Review: Blue Feather were a truly blue-eyed funk outfit from the Netherlands who had a prolific run in the 80s with two albums and a string of club singles to their name. "Let's Funk Tonight" was surely one of their bigger hits, and it sounds resplendent with a fresh master and the full extended version spread out across the A side here. Offering something new for the modern market, Best call upon Faze Action to flesh out this reissue with a killer dub of the track that treads softly but funks deep, just like a good dub should.
Review: Helena Hauff returns to her own Return To Disorder label after last year's joyously received "Qualm" album on Ninja Tune. It's the first fully solo record Hauff has released herself, and it more than lives up to expectation. "Catso" is a wonderfully expressive slice of noirish electro draped in vintage synth arps and twinkling leads as enchanting as they are spooky. "Why Look At Animals" has a more low down funk, but once again sports the richly harmonic synth hooks to make this appeal right across the board. "The Brush" ups the tempo, but keeps things sparse and moody, while "Slim Filter" gets a touch more nasty and sounds utterly fantastic with it. Compared to her rabid DJ sets, these productions represent the more measured side of Hauff, but they're no less deadly.
Review: Since 2012, Munich duo COEO has served up a swathe of sample heavy, disco influenced house EPs for such labels as Let's Play House, Toy Tonics, Lagaffe Tales and Razor-N-Tape Reserve. Here they pop up on Razor-N-Tape's main edit label with something different: a quartet of traditional scalpel works from their personal stash. First up is the elastic, horn heavy disco-funk of "Express Lane", which is quickly followed by the skewed Arabic boogie-funk brilliance of "Libyan Sun". Over on side B, "Don't Oho" is a breezy revision of a sun-kissed Afro-disco workout that sounds like it would be capable of causing a commotion in the club, while "Move Your Body" makes merry with a warm, rich and intoxicating early '80s boogie-soul jam of unknown origin.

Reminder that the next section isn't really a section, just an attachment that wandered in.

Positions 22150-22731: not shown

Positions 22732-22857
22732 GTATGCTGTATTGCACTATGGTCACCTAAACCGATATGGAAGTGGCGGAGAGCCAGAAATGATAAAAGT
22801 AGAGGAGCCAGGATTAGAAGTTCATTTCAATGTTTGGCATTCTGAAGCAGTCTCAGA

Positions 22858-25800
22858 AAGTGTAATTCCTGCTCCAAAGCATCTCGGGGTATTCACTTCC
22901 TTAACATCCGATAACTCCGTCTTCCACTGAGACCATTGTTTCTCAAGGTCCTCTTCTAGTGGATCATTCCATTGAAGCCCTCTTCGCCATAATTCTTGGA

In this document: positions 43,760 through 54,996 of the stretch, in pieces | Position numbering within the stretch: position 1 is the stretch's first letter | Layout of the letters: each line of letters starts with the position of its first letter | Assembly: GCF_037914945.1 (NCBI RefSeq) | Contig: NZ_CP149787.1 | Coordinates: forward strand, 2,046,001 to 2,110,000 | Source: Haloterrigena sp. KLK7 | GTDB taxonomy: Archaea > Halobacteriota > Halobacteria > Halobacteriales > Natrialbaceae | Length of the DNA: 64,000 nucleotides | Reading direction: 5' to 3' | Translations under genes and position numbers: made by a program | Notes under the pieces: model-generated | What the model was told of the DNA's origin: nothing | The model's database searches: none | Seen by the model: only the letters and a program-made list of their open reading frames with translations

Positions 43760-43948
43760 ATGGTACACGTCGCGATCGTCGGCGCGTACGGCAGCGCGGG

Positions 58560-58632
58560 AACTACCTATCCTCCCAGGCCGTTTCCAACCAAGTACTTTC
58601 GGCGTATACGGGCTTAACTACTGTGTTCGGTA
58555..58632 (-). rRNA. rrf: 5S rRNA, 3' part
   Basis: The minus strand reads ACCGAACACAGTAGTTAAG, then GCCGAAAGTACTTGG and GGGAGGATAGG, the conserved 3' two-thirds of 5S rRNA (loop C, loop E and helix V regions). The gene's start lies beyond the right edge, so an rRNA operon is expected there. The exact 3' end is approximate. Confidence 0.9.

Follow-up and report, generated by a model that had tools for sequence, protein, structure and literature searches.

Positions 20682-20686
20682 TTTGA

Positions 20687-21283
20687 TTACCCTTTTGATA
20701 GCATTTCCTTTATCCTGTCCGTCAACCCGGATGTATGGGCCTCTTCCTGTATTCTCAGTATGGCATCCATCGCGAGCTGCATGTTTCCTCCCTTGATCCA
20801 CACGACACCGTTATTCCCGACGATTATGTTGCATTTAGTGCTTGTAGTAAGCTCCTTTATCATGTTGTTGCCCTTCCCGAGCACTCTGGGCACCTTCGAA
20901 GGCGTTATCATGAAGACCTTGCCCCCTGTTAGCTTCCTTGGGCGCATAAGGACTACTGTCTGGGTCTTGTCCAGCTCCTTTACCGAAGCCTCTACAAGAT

Review: After years spent offering up impressive blends of ambient, drone, electronica and experimental drum and bass as ASC, James Clements has decided to commit more time to Comit (sorry), an alternative project which first surfaced via a debut single in 2016. Here the San Diego-based Brit delivers a first full-length excursion under the alias. There's plenty to soothe and seduce on the eight tracks stretched across two slabs of wax, from the undulating, occasionally skittish beats and sweeping chord sequences of opener "Behind Dulled Eyes" and the icy, doom-laden electronic melancholy of "Reverie", to the early Black Dog Productions flex of "Clouded Over" and the dubbed-out, slow motion bliss of "Soft Focus".
Review: The Andromeda Orchestra project was last seen on Faze Action last year, when "Get Up & Dance" got the remix treatment by Nick The Record. This time around the project gets a serious disco treatment from Ray Mang, who stretches "Don't Stop" out across the A side for a nine minute pleasure ride that's heavy on the funk. "Kano Line Dance" kicks off the B side in another loose and nasty party jam, before the original Philly string busting brilliance of "Don't Stop" completes the set in fabulous fashion.
Review: It's been four years since A&R Edits ceased releasing music after serving up nine essential EPs between 2013 and 2015. This return to action has been masterminded by Merseyside scalpel fiends Greg Wilson ("GW") and Henry Greenwood, whose fine revision of Neneh Cherry's "Buffalo Stance" kick-started the imprint six years ago. A-side "Disco Mondo" is a rolling revision of a lesser-known breathy disco jam of (we think) Italian origin. It boasts a metronomic groove, wah-wah guitars, elongated organ chords, congas for days and a few well-placed swirling electronic effects. Over on side B, "In The City" is a dreamy chunk of mid-tempo, Italo-disco influenced synth-pop.